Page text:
Stunning photo: Earth, as seen from Mars

This was just released today by NASA. It is quite a humbling image from the Mars rover Curiosity, though it’s not quite the same impact as the Blue Marble image from Apollo 8, but historically significant nonetheless.

This view of the twilight sky and Martian horizon taken by NASA’s Curiosity Mars rover includes Earth as the brightest point of light in the night sky. Earth is a little left of center in the image, and our moon is just below Earth.

Researchers used the left eye camera of Curiosity’s Mast Camera (Mastcam) to capture this scene about 80 minutes after sunset on the 529th Martian day, or sol, of the rover’s work on Mars (Jan. 31, 2014). The image has been processed to remove effects of cosmic rays.

A human observer with normal vision, if standing on Mars, could easily see Earth and the moon as two distinct, bright “evening stars.”

NASA’s Jet Propulsion Laboratory, a division of the California Institute of Technology, Pasadena, manages the Mars Science Laboratory Project for NASA’s Science Mission Directorate, Washington. JPL designed and built the project’s Curiosity rover. Malin Space Science Systems, San Diego, built and operates the rover’s Mastcam.

More information about Curiosity is online at http://www.nasa.gov/msl and http://mars.jpl.nasa.gov/msl/.

Click for a full resolution image:

IDL TIFF file

Source: http://www.jpl.nasa.gov/spaceimages/details.php?id=PIA17936

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129 thoughts on “Stunning photo: Earth, as seen from Mars

  1. Earth even looks blue in the image. Has there been any colour correction or is that approximately how the human eye would see it (if it was no Mars)? I am not sure what “processed to remove the effects of cosmic rays” mean.

  2. Mark and two Cats says:
    February 6, 2014 at 1:48 pm

    You are here
    ==================================================
    Bob Tisdale says:
    February 6, 2014 at 1:54 pm

    Stunning and belittling. Yikes.
    One nice thing: No celebs photobombing it.

    ====================================================
    Yes. Glad it doesn’t say, “A Kardasian is here.” 8-)

  3. We really are just a speck in the cosmos. Less than a speck.

    That pic is a glimpse of the Total Perspective Vortex

    http://hitchhikers.wikia.com/wiki/Total_Perspective_Vortex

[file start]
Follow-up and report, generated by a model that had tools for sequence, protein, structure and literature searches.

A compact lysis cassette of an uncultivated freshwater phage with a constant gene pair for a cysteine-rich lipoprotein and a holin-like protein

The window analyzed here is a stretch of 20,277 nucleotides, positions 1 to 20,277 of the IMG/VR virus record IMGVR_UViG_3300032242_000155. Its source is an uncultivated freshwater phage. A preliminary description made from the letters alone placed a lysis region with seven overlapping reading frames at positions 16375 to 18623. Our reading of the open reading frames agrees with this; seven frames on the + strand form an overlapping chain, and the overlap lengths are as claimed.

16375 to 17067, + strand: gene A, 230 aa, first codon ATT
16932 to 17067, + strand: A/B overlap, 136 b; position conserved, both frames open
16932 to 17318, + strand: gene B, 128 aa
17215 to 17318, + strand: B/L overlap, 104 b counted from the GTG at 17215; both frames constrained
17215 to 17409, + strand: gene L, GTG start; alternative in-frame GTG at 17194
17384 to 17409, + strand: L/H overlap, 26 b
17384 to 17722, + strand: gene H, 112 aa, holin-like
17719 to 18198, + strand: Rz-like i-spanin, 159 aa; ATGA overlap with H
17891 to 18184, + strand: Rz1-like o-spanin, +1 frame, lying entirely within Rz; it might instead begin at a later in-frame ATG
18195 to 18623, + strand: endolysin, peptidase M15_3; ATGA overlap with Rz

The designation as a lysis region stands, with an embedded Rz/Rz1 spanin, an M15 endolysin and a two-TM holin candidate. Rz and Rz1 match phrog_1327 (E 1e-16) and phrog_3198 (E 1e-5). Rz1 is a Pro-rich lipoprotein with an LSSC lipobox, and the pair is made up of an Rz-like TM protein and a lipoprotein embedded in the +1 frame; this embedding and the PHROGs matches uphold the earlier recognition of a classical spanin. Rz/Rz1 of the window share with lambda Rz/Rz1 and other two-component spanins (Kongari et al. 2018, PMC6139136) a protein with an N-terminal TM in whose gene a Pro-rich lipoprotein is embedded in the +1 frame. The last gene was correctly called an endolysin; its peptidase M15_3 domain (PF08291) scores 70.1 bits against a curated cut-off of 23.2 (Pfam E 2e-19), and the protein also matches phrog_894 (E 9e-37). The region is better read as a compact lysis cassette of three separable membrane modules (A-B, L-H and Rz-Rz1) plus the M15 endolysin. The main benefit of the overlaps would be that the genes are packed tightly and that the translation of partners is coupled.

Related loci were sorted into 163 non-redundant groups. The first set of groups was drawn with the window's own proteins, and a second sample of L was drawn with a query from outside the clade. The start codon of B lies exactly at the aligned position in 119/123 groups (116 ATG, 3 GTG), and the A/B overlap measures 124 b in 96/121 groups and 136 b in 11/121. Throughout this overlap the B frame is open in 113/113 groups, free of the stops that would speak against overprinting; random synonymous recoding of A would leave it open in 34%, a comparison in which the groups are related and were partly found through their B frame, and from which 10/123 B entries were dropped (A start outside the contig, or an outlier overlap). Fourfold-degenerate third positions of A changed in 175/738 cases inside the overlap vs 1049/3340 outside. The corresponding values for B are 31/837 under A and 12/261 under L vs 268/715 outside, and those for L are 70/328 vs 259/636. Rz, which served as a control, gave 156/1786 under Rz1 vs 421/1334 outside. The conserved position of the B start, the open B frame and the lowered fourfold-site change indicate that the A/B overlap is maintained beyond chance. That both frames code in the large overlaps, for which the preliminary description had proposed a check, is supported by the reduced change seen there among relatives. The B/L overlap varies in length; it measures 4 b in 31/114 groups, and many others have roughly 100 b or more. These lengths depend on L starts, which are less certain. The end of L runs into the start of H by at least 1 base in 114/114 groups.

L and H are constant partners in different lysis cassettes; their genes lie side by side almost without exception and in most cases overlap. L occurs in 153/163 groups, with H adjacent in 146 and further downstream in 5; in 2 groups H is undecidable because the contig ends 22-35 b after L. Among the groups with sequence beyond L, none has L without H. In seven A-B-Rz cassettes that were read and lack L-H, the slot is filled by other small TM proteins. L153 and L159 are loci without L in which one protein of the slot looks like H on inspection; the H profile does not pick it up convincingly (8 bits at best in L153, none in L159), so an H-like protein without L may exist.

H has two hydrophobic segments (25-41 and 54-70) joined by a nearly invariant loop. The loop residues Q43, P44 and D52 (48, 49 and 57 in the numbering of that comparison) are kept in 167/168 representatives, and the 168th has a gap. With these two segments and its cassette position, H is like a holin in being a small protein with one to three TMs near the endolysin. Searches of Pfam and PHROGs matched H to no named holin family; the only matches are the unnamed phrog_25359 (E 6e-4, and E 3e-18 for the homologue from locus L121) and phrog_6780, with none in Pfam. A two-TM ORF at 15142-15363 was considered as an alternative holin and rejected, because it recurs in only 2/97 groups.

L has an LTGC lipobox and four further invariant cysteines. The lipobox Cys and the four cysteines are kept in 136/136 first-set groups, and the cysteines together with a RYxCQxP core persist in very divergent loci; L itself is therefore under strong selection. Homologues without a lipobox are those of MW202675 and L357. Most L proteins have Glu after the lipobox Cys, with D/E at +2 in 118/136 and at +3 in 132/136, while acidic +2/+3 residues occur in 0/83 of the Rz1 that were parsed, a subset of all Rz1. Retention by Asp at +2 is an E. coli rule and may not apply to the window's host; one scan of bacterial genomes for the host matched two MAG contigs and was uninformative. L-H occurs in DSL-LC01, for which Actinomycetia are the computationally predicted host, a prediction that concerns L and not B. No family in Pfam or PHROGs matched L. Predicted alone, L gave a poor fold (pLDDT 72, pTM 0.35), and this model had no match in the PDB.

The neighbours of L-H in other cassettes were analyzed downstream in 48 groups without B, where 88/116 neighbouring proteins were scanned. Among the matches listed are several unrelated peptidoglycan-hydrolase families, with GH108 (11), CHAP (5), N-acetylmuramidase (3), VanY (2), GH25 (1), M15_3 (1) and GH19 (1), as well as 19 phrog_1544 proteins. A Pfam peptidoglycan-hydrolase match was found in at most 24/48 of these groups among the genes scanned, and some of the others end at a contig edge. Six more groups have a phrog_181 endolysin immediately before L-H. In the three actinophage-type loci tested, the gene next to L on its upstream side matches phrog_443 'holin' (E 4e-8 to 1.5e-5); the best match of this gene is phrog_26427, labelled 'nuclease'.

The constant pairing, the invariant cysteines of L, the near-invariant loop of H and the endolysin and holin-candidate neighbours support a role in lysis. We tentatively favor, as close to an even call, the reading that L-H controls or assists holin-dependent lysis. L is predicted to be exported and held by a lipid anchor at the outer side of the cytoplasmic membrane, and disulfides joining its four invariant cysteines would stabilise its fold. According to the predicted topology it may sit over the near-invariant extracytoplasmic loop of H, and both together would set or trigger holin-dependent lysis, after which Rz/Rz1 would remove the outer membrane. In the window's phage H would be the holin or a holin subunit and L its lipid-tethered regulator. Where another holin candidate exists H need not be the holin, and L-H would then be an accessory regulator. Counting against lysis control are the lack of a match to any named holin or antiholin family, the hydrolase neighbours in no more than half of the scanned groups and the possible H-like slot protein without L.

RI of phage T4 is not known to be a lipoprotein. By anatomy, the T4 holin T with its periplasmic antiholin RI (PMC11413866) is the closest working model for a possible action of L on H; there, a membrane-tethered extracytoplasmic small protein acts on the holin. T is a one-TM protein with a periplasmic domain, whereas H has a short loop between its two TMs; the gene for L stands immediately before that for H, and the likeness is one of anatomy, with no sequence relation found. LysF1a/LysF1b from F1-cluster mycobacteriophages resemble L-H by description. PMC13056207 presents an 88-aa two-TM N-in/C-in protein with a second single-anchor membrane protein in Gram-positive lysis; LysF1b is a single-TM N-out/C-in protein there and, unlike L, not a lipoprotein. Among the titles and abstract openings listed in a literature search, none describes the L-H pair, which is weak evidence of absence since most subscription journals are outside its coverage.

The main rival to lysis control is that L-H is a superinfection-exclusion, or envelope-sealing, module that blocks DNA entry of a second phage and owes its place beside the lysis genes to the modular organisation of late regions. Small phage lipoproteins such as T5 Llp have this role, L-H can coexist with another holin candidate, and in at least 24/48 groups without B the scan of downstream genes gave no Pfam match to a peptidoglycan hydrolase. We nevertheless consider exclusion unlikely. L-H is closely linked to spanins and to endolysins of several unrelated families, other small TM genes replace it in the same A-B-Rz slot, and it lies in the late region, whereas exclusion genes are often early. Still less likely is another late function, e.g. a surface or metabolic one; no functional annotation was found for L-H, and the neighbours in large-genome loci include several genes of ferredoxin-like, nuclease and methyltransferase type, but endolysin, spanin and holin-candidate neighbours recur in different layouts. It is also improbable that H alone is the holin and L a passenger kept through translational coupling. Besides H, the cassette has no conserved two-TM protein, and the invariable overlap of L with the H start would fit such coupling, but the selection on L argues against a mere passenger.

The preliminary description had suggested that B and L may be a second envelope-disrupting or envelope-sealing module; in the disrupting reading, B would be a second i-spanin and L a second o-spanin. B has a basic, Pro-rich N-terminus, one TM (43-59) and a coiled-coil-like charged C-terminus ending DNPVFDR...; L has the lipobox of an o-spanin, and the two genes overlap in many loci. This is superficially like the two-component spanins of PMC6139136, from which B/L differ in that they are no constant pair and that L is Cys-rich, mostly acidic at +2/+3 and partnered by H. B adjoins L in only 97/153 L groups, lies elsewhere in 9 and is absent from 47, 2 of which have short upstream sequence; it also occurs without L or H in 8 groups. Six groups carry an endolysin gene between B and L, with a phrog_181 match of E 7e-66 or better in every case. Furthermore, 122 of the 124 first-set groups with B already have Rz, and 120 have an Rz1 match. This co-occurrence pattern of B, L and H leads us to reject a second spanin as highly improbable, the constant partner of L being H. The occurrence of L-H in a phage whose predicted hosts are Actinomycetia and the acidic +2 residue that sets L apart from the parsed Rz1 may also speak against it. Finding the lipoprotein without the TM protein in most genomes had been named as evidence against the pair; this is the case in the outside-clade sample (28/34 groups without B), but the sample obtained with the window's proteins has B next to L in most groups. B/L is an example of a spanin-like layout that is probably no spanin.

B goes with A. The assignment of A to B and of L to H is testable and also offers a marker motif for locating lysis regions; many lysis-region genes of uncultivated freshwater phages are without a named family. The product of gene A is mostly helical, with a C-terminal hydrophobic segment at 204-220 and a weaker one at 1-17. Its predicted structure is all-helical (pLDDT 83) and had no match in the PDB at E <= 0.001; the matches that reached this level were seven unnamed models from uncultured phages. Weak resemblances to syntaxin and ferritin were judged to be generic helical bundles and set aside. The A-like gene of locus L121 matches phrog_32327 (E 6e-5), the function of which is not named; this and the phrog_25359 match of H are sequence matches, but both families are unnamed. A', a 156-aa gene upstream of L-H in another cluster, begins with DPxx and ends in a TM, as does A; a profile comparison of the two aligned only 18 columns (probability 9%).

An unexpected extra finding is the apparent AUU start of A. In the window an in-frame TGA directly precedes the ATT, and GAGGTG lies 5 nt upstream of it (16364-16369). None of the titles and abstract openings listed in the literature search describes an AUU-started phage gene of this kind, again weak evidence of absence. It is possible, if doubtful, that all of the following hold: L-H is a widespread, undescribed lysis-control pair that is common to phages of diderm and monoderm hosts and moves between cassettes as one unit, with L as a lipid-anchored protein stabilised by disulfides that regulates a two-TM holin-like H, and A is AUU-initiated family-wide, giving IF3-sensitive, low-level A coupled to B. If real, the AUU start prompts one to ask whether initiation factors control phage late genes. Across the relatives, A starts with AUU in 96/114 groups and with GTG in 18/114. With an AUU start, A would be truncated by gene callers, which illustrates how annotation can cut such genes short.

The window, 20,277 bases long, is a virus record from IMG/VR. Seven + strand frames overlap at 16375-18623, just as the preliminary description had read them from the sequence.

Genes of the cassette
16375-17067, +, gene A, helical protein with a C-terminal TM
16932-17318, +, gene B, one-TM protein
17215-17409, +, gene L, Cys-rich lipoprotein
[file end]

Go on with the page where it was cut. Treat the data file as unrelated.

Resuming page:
“The prospective victim of the TPV is placed within a small chamber wherein is displayed a model of the entire universe – together with a microscopic dot bearing the legend “you are here”. The sense of perspective thereby conveyed destroys the victim’s mind.”

  4. A new perspective on all our cares and troubles … we are but an evening star with nothing of note to draw anyone’s attention.

  5. Andy also noticed on his NYT Blog.
    Different emphasis. He could not resist “small is beautiful” in his first sentence.

  6. See what real science can do, even when it takes its focus off the real mission to just look around and record observations? Not a model anywhere. Just beautiful data.

  7. H.R. says:
    February 6, 2014 at 2:31 pm
    “See that spec of light over there, Dad? I wonder if there’s intelligent life there…”

    “Naw son, that’s Earth. Let me tell you the story of Barack Obama and the people who elected him…twice”

  8. Did anyone else spot the canals?

    But seriously though folks, what do Mar’s own moons look like from Mars?

  9. Truthseeker says: February 6, 2014 at 1:51 pm “I am not sure what “processed to remove the effects of cosmic rays” mean.”

    I think; Cosmic rays and radiation in general cause noise specks/faults in the CCD image that you would see like dust on your monitor. They can become hard persistent faults and a permanent speck in the images.

  10. About the uniqueness of life, Barrow and Tipler in The Anthropic Cosmological Principle argue we would be missed on either of two accounts; that existence depends on our perception of the Universe (the Strong Principle), or that we are members of a very small category that can’t afford any loss.

  11. I find the image exhilarating, not humbling. Speck, schmeck, we are the Earth-born. We have raised ourselves up, looked at the sky, developed ethics, invented science and have gone to the planets. We are making ourselves worthy to inherit the universe. The stars are next.

    I’m proud of us, we humans, happy to be one of us, and glory in the vision we have made.

  12. Andres Valencia says: February 6, 2014 at 2:36 pm “Thanks for the new perspective, from a Martian robot’s eye. We have sure gone far from our roots.”

    Or not. It calls to my mind Robert Frosts Stopping by Woods on a Snowy Evening, with the robot ‘little horse’ shaking its harness bells asking if there is some mistake. The poet man is put in mind of the “promises” he has to keep, of the miles he still must travel. We are not told, however, that the call of social responsibility proves stronger than the attraction of the starry woods, which are “lovely” as well as “dark and deep”.

  13. Mark and two Cats says:
    February 6, 2014 at 1:48 pm

    You are here
    ===========================================================================
    Of course I am here. Where else would I be?

  14. Gunga Din,

    “Yes. Glad it doesn’t say, “A Kardasian is here.” 8-)”

    In honor of ancient map makers everywhere, it should be re-labeled “Here there be Idiots”. :-)

  15. Doug Huffman – thank you for the cosmic ray explanation.

    George McFly – that is Al Gore’s house you can see …

  16. The thought that struck me was the effect on a colonist from earth, gazing at the sky and thinking “There is home, so far away and so small. Homesick.”

  17. Am I crazy or did I catch Jupiter, Mars and Uranus in conjunction, during my last visit to Earth?

    Or was my Sony Cybersomething point-and-shoot very drunk at the time?

  18. Brent Seufert says:
    February 6, 2014 at 2:43 pm … Selfie

    That is not a selfie, this is a selfie:

    We are much brighter from Saturn – or the processing was done by a HUGE proponent of the Mediocrity Principle. (:

  19. Pat Frank says: